In essence, Marcus Aurelius is nudging us to develop resilience and emotional mastery. Life will always throw curveballs, and people will always have opinions, but you get to decide how you react to them. It’s like being the director of your own emotional blockbuster. You can edit the script, rewrite the scenes, and choose the emotions you want to star in your movie called life.

Your new job may be hard, but it’s harder in your head than in reality. Your relationship may not be perfect, but it’s better than you think. If you want to get the most out of life, win the battle in your head. Embrace the hard life, my friends, for that’s where the buried treasure lies.

No pirate ever found gold by sipping cocktails on a beach with a tiny umbrella. They did it by spending time out on the water. So, strap on your adventure hats and set sail for the rough seas because life’s biggest rewards are hidden in the wildest storms.

And remember, next time life tosses a banana peel your way, channel your inner Marcus Aurelius and don’t slip on that sucker. Instead, laugh it off, and keep on truckin’.

Please, Like, comment, share and tell me what you think!

48 thoughts on “Turning Laughter into Resilience: A Lesson from Marcus Aurelius

  1. Excellent quote! Life is hard, no question about it. We have to constantly conquer our thoughts. We wake up in the morning and have to decide, do we go left (doom and gloom) or do we go right (happy conquer the world) with our thoughts. Great quote to remind us – GO RIGHT! Hope all is well on your end.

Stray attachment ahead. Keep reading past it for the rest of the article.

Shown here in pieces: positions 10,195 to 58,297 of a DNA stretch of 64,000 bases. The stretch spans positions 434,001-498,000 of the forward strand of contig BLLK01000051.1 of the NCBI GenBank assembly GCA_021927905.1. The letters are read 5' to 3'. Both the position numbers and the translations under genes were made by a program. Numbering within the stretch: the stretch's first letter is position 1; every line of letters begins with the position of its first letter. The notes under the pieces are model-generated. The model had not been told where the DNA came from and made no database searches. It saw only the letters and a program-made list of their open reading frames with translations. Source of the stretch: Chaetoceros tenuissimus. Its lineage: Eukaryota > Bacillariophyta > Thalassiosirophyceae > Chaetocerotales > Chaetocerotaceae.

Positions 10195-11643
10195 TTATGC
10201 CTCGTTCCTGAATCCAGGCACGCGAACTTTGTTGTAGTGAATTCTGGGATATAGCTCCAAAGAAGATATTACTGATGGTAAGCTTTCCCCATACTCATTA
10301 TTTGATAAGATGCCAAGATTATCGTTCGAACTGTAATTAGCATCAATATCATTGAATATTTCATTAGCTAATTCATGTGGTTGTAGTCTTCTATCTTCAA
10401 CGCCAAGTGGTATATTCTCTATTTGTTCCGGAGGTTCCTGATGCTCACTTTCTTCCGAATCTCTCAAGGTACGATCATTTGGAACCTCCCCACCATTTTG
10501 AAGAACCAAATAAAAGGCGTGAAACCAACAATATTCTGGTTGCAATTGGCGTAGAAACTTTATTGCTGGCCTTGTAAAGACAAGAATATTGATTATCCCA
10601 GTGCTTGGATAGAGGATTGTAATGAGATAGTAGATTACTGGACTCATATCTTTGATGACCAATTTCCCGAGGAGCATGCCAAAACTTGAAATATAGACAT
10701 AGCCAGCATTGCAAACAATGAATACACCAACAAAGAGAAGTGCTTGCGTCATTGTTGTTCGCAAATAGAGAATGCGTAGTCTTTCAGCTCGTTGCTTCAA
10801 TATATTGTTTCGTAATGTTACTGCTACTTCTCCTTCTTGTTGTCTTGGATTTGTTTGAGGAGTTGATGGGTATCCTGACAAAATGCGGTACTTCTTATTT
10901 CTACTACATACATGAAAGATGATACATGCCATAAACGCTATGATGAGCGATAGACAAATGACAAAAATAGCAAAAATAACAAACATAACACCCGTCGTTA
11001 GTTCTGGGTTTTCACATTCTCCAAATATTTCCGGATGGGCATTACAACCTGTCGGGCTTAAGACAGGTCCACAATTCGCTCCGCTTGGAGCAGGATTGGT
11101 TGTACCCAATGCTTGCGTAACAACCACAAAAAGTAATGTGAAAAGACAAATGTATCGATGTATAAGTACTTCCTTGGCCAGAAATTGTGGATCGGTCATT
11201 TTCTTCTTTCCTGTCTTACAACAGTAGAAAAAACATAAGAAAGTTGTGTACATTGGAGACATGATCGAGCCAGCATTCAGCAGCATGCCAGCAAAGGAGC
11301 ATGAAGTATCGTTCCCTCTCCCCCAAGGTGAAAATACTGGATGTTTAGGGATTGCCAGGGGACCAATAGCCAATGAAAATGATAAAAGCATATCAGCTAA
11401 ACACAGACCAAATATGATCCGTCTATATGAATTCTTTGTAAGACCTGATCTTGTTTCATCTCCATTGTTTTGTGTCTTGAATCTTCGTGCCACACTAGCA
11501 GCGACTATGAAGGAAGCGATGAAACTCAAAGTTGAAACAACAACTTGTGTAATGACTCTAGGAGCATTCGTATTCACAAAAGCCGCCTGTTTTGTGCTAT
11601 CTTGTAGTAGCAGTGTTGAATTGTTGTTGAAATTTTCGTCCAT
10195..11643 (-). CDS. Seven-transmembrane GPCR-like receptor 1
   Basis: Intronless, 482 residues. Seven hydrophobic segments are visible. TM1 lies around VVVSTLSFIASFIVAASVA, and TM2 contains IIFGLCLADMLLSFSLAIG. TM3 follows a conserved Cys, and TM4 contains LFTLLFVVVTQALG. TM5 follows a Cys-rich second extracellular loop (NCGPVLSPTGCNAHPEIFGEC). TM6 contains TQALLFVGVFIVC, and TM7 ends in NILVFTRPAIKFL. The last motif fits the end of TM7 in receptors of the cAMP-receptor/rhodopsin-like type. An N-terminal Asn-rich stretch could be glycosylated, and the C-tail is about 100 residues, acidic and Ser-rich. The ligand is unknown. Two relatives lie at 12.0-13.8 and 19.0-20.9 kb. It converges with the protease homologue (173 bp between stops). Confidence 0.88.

1. Thanks! I agree go conquer the word! Things are good – I have a new job, God is good and am focused on my book and just putting out more focused content – (ideas to live a better life and make it funny)

      1. Congratulations on the new job!! Onward and upward! Great news.

  2. Another excellenr piece…you are such a good writer. Your articles have a.little bit of everything, humor, life lessons, sarcasm, happiness, and best of all Soul. You should write a book series

  3. Love the quote and so true! It isn’t what happens TO you—it’s how you REACT to what happens to you that counts. At least that’s how the story goes—and life has made me a believer. Oh yes—that, and everything happens for a reason, something better will come along, new opportunities, a chance for improved everything, insides included! Thanks for sharing your insights!